This past July we were able to re-visit
Golden Hope's Bellechasse Project in the region known as the "Beauce" where an area play of some significance has been developing over the past year, an event which may in part account for GNH's strong stock performance during the past several months.
Golden Hope's current work has been designed to extend the area of known resources and also to advance the concept that the mineralized areas extend far beyond what has been identified to date. During my re-visit, geologist Jim Tinley drove me to an area where step-out drilling took place at the Beland Anomaly, 6.2 Km south of the Timmins area and, sure enough, the company reported intersections with quartz and also visible gold.
While I was on-site, the company had just completed their first phase program for 2010 which involved some 5,232 meters of drilling at Bellechasse-Timmins as well as more than 600 meters at the Beland Anomaly as noted above. A second program was just getting underway which is now partially complete and the company just announced an additional 5,000 meters currently planned later this year, including drilling at prospective areas known as Sugar Bush and Laval, areas which had been identified through GNH's soil gas hydrocarbon work.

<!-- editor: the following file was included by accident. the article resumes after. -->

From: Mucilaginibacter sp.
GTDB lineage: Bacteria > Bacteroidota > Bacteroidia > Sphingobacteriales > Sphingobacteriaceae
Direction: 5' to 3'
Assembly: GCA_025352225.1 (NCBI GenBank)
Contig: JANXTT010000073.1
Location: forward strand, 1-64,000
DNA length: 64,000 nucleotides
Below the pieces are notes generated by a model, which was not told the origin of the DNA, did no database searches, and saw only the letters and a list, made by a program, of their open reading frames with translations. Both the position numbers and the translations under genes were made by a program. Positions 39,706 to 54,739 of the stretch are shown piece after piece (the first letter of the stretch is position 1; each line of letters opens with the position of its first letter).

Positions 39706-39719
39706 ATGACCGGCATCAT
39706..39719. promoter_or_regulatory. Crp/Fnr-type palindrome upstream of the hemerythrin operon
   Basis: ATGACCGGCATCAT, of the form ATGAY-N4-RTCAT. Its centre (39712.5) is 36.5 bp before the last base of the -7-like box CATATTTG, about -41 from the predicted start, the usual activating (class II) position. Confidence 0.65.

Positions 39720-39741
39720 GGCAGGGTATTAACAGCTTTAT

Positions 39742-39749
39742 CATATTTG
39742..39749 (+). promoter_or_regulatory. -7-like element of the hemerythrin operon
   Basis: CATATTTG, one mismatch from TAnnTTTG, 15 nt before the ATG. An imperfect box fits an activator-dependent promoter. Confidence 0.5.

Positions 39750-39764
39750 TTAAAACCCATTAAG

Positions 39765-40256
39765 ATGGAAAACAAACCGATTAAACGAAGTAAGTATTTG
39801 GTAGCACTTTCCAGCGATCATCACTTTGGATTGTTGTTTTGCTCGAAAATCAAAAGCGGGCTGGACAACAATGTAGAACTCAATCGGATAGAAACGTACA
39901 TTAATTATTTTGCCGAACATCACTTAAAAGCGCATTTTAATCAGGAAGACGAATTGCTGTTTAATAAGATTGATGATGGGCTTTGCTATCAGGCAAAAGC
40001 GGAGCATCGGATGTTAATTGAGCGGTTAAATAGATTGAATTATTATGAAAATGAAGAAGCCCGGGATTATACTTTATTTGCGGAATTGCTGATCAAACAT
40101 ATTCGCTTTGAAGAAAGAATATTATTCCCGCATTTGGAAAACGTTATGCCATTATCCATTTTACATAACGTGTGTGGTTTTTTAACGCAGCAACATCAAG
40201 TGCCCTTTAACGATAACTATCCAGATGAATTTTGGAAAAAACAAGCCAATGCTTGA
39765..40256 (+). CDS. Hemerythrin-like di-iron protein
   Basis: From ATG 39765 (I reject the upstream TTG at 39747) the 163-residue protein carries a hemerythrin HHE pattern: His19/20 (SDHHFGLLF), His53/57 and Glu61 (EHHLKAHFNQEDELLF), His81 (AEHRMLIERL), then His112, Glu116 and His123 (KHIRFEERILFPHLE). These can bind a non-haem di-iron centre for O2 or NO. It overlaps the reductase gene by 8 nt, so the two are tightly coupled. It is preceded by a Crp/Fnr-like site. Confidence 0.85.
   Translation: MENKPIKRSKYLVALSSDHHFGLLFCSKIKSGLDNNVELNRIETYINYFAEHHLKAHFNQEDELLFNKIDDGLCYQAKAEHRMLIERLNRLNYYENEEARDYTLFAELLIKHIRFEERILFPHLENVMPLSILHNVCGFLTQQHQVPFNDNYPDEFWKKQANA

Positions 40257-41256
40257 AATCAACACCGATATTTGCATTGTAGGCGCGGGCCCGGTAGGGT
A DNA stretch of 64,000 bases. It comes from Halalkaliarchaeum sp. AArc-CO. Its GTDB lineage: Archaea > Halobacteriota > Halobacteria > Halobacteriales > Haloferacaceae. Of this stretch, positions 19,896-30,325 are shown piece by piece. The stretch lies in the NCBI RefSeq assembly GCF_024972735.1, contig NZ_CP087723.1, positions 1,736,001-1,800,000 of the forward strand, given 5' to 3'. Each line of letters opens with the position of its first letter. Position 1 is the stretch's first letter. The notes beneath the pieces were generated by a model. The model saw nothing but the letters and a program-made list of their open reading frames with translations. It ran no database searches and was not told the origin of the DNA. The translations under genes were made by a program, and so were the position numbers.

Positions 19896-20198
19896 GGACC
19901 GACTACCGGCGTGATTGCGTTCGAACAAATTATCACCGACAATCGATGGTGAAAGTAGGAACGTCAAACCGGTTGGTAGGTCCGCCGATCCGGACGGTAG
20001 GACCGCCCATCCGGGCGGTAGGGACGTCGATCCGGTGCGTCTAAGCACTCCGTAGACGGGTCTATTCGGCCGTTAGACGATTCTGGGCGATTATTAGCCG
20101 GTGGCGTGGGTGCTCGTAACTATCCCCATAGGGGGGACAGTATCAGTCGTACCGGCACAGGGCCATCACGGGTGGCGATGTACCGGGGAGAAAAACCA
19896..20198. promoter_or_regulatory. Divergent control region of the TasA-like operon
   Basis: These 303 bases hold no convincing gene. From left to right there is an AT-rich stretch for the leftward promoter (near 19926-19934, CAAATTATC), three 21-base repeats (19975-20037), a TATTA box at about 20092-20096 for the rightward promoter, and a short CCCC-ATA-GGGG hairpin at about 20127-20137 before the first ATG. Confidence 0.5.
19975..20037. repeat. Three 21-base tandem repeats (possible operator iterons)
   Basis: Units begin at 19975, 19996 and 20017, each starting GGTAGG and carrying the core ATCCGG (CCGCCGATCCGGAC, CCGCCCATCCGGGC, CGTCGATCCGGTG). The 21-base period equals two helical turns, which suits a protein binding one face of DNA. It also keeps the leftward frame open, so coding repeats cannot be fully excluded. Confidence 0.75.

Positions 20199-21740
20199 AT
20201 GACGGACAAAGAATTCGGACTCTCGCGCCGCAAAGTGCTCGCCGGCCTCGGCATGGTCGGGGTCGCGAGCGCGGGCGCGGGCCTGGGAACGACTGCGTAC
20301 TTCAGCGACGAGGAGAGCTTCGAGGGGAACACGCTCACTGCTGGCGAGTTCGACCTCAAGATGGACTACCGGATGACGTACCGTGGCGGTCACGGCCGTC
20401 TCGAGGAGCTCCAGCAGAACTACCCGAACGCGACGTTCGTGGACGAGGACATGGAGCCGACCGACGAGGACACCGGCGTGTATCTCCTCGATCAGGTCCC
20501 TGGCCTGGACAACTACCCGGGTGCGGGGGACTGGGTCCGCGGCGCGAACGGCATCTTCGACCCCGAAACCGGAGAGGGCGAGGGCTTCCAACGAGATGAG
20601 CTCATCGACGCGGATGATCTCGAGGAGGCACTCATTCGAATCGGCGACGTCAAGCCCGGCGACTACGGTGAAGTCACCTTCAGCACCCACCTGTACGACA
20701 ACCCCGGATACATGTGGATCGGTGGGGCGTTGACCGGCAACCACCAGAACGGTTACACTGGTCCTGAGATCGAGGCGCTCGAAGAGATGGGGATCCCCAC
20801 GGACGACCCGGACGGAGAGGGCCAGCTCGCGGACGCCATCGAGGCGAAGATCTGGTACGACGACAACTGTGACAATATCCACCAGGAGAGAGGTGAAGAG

Included in the newly announced drill program are 2 deep holes of approximately 700 meters at Bellechasse-Timmins to confirm whether the deposit has mineralization at depth.
Assay results are expected to be received during the rest of 2010. In the meantime, company geologists believe the deposit is open in all directions and further soil gas hydrocarbon work will proceed to identify additional target areas.
I plan to meet personally with company executives wherever possible and will report when important additional information is available.
In the meantime, we cannot help but note that the stock has advanced from under ten cents less than a year ago to a recent high at 98 cents. Aside from bringing satisfaction to shareholders, the price rise will be a factor in facilitating the raising of future cash requirements while encountering significantly less share dilution than would have occurred previously.
Leonard Melman, September 20, 2010